8. savenz 8

    Peter Thiel has 3 citizenships apparently, born in Austria, US citizenship and now NZ. Does it seem fair some people have 3 citizenships and can’t be bothered living in the countries, other people struggle to find a safe place to live?

    https://www.theguardian.com/technology/2016/jul/21/peter-thiel-republican-convention-speech

    “In a 2009 essay called The Education of a Libertarian, Thiel declared that capitalism and democracy had become incompatible. Since 1920, he argued, the creation of the welfare state and “the extension of the franchise to women” had made the American political system more responsive to more people – and therefore more hostile to capitalism. Capitalism is not “popular with the crowd”, Thiel observed, and this means that as democracy expands, the masses demand greater concessions from capitalists in the form of redistribution and regulation.

    The solution was obvious: less democracy. But in 2009, Thiel despaired of achieving this goal within the realm of politics. How could you possibly build a successful political movement for less democracy?

    Fast forward two years, when the country was still slowly digging its way out of the financial crisis. In 2011, Thiel told George Packer that the mood of emergency made him “weirdly hopeful”. The “failure of the establishment” had become too obvious to ignore, and this created an opportunity for something radically new, “something outside the establishment”, to take root.”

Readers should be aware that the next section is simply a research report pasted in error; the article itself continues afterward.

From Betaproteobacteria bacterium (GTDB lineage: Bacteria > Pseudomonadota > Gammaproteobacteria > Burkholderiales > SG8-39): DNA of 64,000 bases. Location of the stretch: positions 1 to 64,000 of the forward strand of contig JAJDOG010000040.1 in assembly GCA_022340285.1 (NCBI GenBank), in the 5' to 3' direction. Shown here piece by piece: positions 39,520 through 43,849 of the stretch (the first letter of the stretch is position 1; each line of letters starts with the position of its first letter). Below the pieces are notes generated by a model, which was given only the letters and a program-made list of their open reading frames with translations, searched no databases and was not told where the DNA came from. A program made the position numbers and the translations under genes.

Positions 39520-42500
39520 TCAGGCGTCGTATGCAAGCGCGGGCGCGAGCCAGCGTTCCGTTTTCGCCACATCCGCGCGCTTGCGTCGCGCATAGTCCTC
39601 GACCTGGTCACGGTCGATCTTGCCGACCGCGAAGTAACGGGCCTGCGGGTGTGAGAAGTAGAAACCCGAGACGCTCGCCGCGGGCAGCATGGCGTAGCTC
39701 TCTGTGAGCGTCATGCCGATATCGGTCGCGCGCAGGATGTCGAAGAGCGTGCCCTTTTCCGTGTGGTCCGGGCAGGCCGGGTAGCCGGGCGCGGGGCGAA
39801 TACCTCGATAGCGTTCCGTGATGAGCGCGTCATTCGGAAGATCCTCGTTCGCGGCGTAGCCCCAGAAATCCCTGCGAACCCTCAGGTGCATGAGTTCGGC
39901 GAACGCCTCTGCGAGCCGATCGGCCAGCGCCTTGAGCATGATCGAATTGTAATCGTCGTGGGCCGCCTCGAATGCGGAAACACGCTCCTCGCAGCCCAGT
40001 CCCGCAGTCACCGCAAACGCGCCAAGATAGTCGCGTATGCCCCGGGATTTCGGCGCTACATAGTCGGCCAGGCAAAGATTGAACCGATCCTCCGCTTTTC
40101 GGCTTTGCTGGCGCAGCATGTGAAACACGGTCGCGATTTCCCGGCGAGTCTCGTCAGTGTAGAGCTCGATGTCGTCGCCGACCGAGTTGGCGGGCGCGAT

Now, in 2016, Thiel has finally found a politician capable of seizing that opportunity: a disruptor-in-chief who will destroy a dying system and build a better one in its place. Trump isn’t just a flamethrower for torching a rotten establishment, however – he’s the fulfillment of Thiel’s desire to build a successful political movement for less democracy.”

    • greywarshark 8.1

      Thanks for that interesting item on Theil savenz.

      Austria is an interesting country when one considers it was Hayek’s country (the economist that was one of the precursors to the neoliberal economics), Hitler came from there, and now Thiel with strong ideas about money and democracy.

      The Austrians lost a lot of their dominance in the world, they had an empire.
      Countries hate losing their empires, and it produces a huge and disrupting change that washes over the country. Perhaps we are still being affected by fallout from the past loss of power, position and pecuniary and material goods. I didn’t know much about their past and am really surprised at how ignorant I have been of their importance and leadership in development.

      Austria-Hungary before World War I – Alpha History